At some point in your job search process, you created a résumé. Your résumé is a critical part of the documentation which you furnish an employer when you apply for a job. Any job. Your future employer wants to know that you possess the qualifications necessary to be able to do the job for which they are hiring you. Your future employer also needs to verify your qualifications and credentials. What we are going to do in this article is to examine your résumé with an objective, clinical eye in order to present you and your qualifications in the best possible light. Many job applications are done online. That means that you will have to be very careful as you copy and paste information from your résumé to the online job application fields. More about that later.
This short video offers some helpful advice on how to fill out a job application.
In the meantime here are some items which have no place in your job résumé. You either need to omit them entirely or include them in your curriculum vitae.
Meaningless awards and affiliations
Some awards, medals, and affiliations might be relevant when you apply for certain positions. For example, if you are applying for a job with the Boy Scouts of America, your Eagle Scout status is relevant. On other job applications, the badges you earned while you were a Boy Scout which meant a great deal at the time are probably not relevant in an employment application. Use your good judgment. When in doubt, leave it out.
Peggy McKee explains the realities of looking for a job in today's market.
On the other hand, if you were a National Merit Scholar, that deserves a line in your résumé. Put that right before the entry about your Fulbright Scholarship or Rhodes Scholarship. Ok, you get the point. Anything to do with academic achievement is something to be proud of and relevant. When you are applying for private school employment, academic achievement trumps just about everything else. At a minimum, it should get you an interview. Remember: you will be teaching young people who want to learn. Your strong academic performance can and will inspire your students. Having strong academic credentials provides the best kind of example to your students. Private schools know that and value it highly.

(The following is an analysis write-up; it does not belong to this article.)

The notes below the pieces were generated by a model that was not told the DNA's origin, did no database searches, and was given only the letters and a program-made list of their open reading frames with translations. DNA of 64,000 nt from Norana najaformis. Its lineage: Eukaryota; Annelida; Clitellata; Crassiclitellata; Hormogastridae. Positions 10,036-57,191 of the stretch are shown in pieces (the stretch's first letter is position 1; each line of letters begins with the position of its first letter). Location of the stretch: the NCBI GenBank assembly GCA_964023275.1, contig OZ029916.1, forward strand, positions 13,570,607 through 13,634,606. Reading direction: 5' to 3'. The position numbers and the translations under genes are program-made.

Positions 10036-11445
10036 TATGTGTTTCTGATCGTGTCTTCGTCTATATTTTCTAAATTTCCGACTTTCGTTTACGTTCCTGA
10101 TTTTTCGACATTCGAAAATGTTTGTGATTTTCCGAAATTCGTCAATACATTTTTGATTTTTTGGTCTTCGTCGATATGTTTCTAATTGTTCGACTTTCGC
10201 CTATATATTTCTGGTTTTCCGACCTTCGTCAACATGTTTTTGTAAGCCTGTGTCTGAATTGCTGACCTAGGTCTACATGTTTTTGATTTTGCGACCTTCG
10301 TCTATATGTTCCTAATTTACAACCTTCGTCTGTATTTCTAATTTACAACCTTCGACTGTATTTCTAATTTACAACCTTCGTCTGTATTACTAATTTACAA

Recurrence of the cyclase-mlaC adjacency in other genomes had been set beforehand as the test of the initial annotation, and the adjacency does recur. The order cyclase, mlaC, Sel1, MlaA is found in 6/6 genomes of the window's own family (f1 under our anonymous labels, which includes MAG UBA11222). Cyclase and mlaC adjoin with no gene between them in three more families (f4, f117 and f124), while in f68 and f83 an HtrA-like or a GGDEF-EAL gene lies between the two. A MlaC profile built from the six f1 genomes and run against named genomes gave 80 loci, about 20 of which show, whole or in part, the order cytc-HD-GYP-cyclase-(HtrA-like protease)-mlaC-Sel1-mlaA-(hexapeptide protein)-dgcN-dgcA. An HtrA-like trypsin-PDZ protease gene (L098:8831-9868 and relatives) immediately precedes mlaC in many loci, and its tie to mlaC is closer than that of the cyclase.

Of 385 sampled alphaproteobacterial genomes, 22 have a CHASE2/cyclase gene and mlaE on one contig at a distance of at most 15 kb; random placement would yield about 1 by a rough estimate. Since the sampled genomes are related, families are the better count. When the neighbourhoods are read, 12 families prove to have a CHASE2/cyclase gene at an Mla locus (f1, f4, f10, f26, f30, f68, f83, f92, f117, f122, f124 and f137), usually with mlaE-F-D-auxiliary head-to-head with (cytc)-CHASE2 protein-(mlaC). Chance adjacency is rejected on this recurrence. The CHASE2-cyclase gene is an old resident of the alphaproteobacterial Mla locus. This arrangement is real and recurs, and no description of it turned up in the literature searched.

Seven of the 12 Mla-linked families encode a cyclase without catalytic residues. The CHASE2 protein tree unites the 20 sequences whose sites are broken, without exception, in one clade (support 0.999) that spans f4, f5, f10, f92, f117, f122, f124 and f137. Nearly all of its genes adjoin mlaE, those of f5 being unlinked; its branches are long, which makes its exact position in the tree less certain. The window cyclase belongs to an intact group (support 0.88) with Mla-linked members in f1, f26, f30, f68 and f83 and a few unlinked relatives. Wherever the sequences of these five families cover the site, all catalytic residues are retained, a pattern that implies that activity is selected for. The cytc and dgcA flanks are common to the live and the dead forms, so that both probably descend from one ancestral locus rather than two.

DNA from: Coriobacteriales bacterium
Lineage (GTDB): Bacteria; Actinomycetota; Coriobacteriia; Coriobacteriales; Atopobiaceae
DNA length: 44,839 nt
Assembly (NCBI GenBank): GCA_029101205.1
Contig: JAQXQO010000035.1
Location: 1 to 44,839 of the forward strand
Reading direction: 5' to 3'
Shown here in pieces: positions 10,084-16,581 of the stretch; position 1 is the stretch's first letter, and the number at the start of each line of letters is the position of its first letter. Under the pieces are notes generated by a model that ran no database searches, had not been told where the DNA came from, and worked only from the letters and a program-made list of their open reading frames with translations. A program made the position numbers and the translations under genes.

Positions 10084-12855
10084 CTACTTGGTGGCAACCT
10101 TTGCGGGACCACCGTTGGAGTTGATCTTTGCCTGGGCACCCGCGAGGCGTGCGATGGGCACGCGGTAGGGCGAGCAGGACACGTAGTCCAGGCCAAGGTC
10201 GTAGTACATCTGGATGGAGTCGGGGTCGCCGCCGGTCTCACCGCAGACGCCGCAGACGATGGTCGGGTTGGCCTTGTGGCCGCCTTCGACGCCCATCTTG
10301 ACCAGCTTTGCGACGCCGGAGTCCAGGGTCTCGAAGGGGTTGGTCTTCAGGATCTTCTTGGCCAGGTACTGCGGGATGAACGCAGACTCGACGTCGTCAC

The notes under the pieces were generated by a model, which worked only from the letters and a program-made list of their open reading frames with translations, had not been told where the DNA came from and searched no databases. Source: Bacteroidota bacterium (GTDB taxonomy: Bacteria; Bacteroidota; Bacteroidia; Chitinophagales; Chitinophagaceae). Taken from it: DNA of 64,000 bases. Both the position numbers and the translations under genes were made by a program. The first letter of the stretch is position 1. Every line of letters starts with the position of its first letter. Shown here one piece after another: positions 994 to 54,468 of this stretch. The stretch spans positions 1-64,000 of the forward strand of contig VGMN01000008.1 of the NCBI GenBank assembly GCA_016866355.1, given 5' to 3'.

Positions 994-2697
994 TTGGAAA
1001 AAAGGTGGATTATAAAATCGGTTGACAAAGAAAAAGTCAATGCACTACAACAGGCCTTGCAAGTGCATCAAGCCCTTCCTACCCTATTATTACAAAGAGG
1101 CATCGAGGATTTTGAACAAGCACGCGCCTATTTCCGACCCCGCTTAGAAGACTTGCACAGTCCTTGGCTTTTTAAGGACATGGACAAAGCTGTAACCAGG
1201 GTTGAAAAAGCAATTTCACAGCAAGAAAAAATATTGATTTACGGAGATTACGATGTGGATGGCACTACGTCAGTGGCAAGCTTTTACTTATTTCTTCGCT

Outlandish hobbies and interests
Everything in your job application should support the impression which you are trying to create in the reader's mind. That impression is "This is somebody we need to interview." You will be teaching young people who have enough off-the-wall influences seeking their attention day in and day out. Most schools would rather hire adults who can be exemplars and role models of steadiness and resolve. Their clientele, i.e., parents, expect that and much more. Mainstream hobbies and interests will not raise red flags. Be sure to include one or two on your application. Since you are being interviewed for a teaching position, it might also be a thought to have a few titles of books you have read recently on the tip of your tongue.
If you have presented at a professional conference, list that. If you just performed at Aspen, list that. Be sure to have copies of the programs for these events in your portfolio just in case somebody asks to see them. Employment applications are designed to create a profile of the applicant. What you say in print translates into a portrait of you. Make sure that your portrait is as flattering as it can be.